Suggested Searches
View All
View All
View All
General Results


Clinician-to-Clinician Update
To schedule a consultation, referral or appointment:

Adult Congenital Heart Disease Care Locations:

University of Minnesota Health
Clinics and Surgery Center

909 Fulton St. SE
Minneapolis, MN 55455

Ridgeview Medical Building
303 E. Nicollet Blvd.
Burnsville, MN 55337

Fairview Southdale Hospital
6405 France Ave. S
Edina, MN 55435

Innovations in Congenital Heart Disease Care

Deaths from congenital heart disease (CHD) have declined over the past several decades due to advances in cardiology, cardiac surgery, neonatal intensive care, and pharmacotherapy. The chance of survival into adulthood increased from about 15% in the 1960s to more than 85% today.1 About 95% of babies born with a noncritical CHD and 69% born with a critical CHD are expected to survive to age 18.2 According to a recent study, about 1 million children and about 1.4 million adults in the United States are living with CHD.2 

Cardiologist arranges equipment in the catheterization lab
A cardiologist arranges equipment
in the catheterization lab. New transcatheter
heart valves have offered added treatment
options to patients with congenital heart disease.
Although repair of CHD can normalize cardiac structure and function, many patients experience health conditions as sequelae of CHD and will require specific follow-up and care.3 As they mature into adulthood, patients with CHD can require additional surgical procedures or heart valve replacements. Infants who have had surgical repair of right ventricular outflow tracts often require 4 or more procedures over their lifespan. 

Long-term complications associated with CHD include arrhythmia, thromboembolism, heart failure, pulmonary hypertension, and endocarditis.4,5 For those CHD patients who require interventions, minimally invasive surgical techniques, advanced imaging technology, and new valves and devices have improved outcomes. Collectively, the new approaches and technologies have reduced risks associated with placement of valves and ventricular assist devices and shortened recovery times.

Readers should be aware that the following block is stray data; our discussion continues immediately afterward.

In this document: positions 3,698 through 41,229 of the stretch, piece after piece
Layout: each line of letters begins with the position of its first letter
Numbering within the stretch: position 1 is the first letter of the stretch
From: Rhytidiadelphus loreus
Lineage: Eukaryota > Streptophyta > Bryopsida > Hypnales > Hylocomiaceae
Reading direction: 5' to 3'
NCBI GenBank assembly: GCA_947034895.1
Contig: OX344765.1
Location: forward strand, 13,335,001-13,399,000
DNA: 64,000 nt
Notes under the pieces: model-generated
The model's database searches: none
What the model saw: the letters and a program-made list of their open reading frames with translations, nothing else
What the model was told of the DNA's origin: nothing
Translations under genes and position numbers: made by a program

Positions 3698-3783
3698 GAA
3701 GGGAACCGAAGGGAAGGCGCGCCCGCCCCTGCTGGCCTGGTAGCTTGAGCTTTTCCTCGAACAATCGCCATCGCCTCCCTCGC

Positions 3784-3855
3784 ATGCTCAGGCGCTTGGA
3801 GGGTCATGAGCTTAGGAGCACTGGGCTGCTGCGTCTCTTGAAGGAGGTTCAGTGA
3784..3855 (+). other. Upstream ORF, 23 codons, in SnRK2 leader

To maintain optimal health, adults with CHD require ongoing team-based care; however, many patients are lost to follow-up and may fail to receive treatment for conditions arising from CHD. The American College of Cardiology/American Heart Association guidelines recommend that these patients receive referral guidance and education as well as surgical, follow-up, subspecialty cardiac, and noncardiac care. Specialist, team-based care is best positioned to detect health conditions and cardiac problems associated with CHD.6 A formal transition program that assists patients in the move from pediatric to adult health services can help ensure continuity in care. 

New transcatheter heart valves offer additional treatment options to patients with CHD and help reduce hospitalization and recovery times. Along with recent approvals of transcatheter aortic and mitral valves, 2 valves are currently available for percutaneous pulmonary valve implantation: the SAPIEN valve (Edwards Lifesciences, Irvine, CA) and the Melody valve (Medtronic, Minneapolis, MN). Other SAPIEN valves are being tested in clinical trials in younger, lower-operative risk patients or as a replacement for failing bioprosthetic aortic valves. (See Program Updates.) Surgeon and interventionalist collaborations have helped further improve implementation of transcatheter procedures. (See Case Study for further discussion.) New clinical trials, including those conducted by University of Minnesota Health Heart Care specialists, are exploring the expanded use of transcatheter valves and management of health risks in patients with ventricular assist devices.